The framers of the Constitution took note of the fact that certain communities in the country were suffering from extreme social, educational and economic backwardness arising out of age-old practice of untouchability and certain others on account of this primitive agricultural practices, lack of infrastructure facilities and geographical isolation, and who need special consideration for safeguarding their interests and for their accelerated socio-economic development. These communities were notified as Scheduled Castes and Scheduled Tribes as per provisions contained in Clause 1 of Articles 341 and 342 of the Constitution respectively.
The need for providing adequate safeguards for the Scheduled Castes and Scheduled Tribes was recognised by the framers of the Indian Constitution. For this purpose, special provisions were made in the Constitution of India to promote social, educational, economic and service interests of these two weaker sections of the society. The Constitution of India also provided for appointment of a Special Officer under Article 338 for investigation of all matters relating to the safeguards provided for the Scheduled Castes and Scheduled Tribes and to submit reports to the President, annually and at such other times, as the Commission may deem fit, about working of these safeguards.
In order to oversee the implementation of various safeguards provided for SCs & STs, a Multi-Member Commission, known as the Commission for SCs & STs, came into being in 1978. This Commission was renamed as the National Commission for SCs & STs in 1987 to act as a National level Advisory Body in SC and ST matters. The erstwhile field offices of Commissioner for SCs & STs were brought under the control of the Multi-Member Commission. In 1990, the provisions of Article 338 were amended; vide the Constitution (Sixty fifth) Amendment Act, 1990 and the Office of the Commissioner for SCs & STs was replaced by the National Commission for SCs & STs in 1992 with its headquarters at New Delhi. It is headed by a Chairman who is aided by a Vice-Chairman and five other Members. In 2003, the commission was bifurcated into separate SC and ST commissions
Functions and Duties of the Commission
Following are the functions, duties and powers of the commission:
To make in such reports recommendations as to the measures that should be taken by the Union or any State for the effective implementation of those safeguards and other measures for the protection, welfare and socio-economic development of the Schedule Castes as the President may by rule specify.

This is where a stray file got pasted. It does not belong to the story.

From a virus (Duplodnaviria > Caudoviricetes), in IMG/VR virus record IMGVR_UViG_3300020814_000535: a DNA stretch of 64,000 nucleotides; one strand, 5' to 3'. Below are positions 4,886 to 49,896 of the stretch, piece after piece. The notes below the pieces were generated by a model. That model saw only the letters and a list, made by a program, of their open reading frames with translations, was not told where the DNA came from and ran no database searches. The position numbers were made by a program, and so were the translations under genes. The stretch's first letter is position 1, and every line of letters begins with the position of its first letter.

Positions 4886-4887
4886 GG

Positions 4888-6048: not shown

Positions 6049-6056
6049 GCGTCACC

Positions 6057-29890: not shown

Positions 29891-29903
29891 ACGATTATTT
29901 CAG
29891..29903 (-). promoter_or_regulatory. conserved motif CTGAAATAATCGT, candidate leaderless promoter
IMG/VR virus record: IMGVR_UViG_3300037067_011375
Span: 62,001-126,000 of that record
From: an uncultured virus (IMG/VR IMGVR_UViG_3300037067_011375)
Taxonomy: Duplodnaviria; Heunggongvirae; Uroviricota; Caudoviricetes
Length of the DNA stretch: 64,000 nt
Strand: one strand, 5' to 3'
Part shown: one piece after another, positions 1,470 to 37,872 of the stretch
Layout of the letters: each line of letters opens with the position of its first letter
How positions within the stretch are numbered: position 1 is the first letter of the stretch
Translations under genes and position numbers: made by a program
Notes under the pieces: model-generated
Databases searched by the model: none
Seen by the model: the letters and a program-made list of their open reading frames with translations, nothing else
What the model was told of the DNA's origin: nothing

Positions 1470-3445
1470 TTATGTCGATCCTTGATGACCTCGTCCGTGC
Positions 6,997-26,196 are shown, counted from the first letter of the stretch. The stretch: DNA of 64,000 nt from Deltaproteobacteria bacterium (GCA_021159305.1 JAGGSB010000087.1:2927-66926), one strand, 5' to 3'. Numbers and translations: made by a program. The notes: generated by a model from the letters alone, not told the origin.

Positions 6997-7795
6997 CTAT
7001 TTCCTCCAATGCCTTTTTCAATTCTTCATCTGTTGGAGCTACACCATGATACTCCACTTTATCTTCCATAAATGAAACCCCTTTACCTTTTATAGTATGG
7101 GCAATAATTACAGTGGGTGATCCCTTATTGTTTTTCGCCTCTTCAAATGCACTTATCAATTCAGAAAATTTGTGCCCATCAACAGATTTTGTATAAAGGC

Dr. PL Punia is the Chairman of the Commission currently.
National Commission for Scheduled Tribes
Primitive, geographically isolated, shy and socially, educationally & economically backwardness these are the traits that distinguish Scheduled Tribes of our country from other communities. Tribal communities live in about 15% of the country’s areas in various ecological and geo-climatic conditions ranging from plains to forests, hills and inaccessible areas. Tribal groups are at different stages of social, economic and educational development.
While some tribal communities have adopted a mainstream way of life at one end of the spectrum, there are 75 Primitive Tribal Groups (PTGs), at the other, who are characterized by
(a) a pre-agriculture level of technology, (b) a stagnant or declining population (c ) extremely low literacy and (d) a subsistence level of economy.
There are over 500 tribes (with many overlapping communities in more than one State) as notified under article 342 of the Constitution of India, spread over different States and Union Territories of the country, the largest number of tribal communities being in the State of Orissa. The main concentration of tribal population is in central India and in the Northeastern States. However, they have their presence in all States and Union Territories except Hayrana, Punjab, Delhi, Pondicherry and Chandigarh. The predominantly tribal populated States of the country (tribal population more than 50% of the total population) are: Arunachal Pradesh, Meghalaya, Mizoram, Nagaland, Union Territories of Dadra & Nagar Haveli and Lakshadweep. States with sizeable tribal population and having areas of large tribal concentration are A.P. Assam, Chhattisgarh, Gujarat, Himachal Pradesh, Madhya Pradesh, Maharashtra, Orissa and Rajasthan.
Duties and functions
Constitution of India under Article 338A has assigned the following duties and functions to the Commission:
Powers of the Commission
(a) The Commission shall have all the powers of a Civil Court trying a suit.
(b) Consultation by the Union and State Governments with the Commission: In accordance with clause 9 of Article 338A of the Constitution, Union and every State Government shall consult the Commission on all major policy matters affecting Scheduled Tribes.
The Commission while investigating matters relating to the safeguards provided under the Constitution monitors the implementation and working of safeguards which include:
Acting upon Article 23 of the Constitution which prohibits traffic in human beings and forced labour, etc.; in respect of STs Prohibition of child labor under Article 24; in respect of STs
(d) Educational safeguards under Article 15(4) for reservation of seats in educational institutions
(e) Economic safeguards under Article 244 and working of Fifth and Sixth Schedules and release of grants for raising the level of administration in tribal areas To safeguard the distinct language, script or culture under Article 29(i)
(f) Working of service safeguards provided under Articles 16(4), 16(4A), 16(4B) and 335 providing for adequate representation of Scheduled Tribes in appointments or posts
(g)Enforcement of various laws such as:
(i) The Scheduled Castes and Scheduled Tribes (Prevention of Atrocities) Act, 1989
(ii) Bonded Labor System (Abolition) Act, 1976(respect of Scheduled Tribes)
(iii) The Child Labor (Prohibition and Regulation) Act, 1986 (in respect of Scheduled Tribes)
(iv) State Acts and Regulations concerning alienation and restoration of land belonging to Scheduled Tribes
(v) Forest Conservation Act, 1980 (in respect of Scheduled Tribes)
(vi) The Panchayat (Extension to the Scheduled Areas) Act, 1996
(vii) Minimum Wages Act, 1948 (in respect of Scheduled Tribes)
Dr.Rameshwar Oraon is the Chairman of the Commission currently.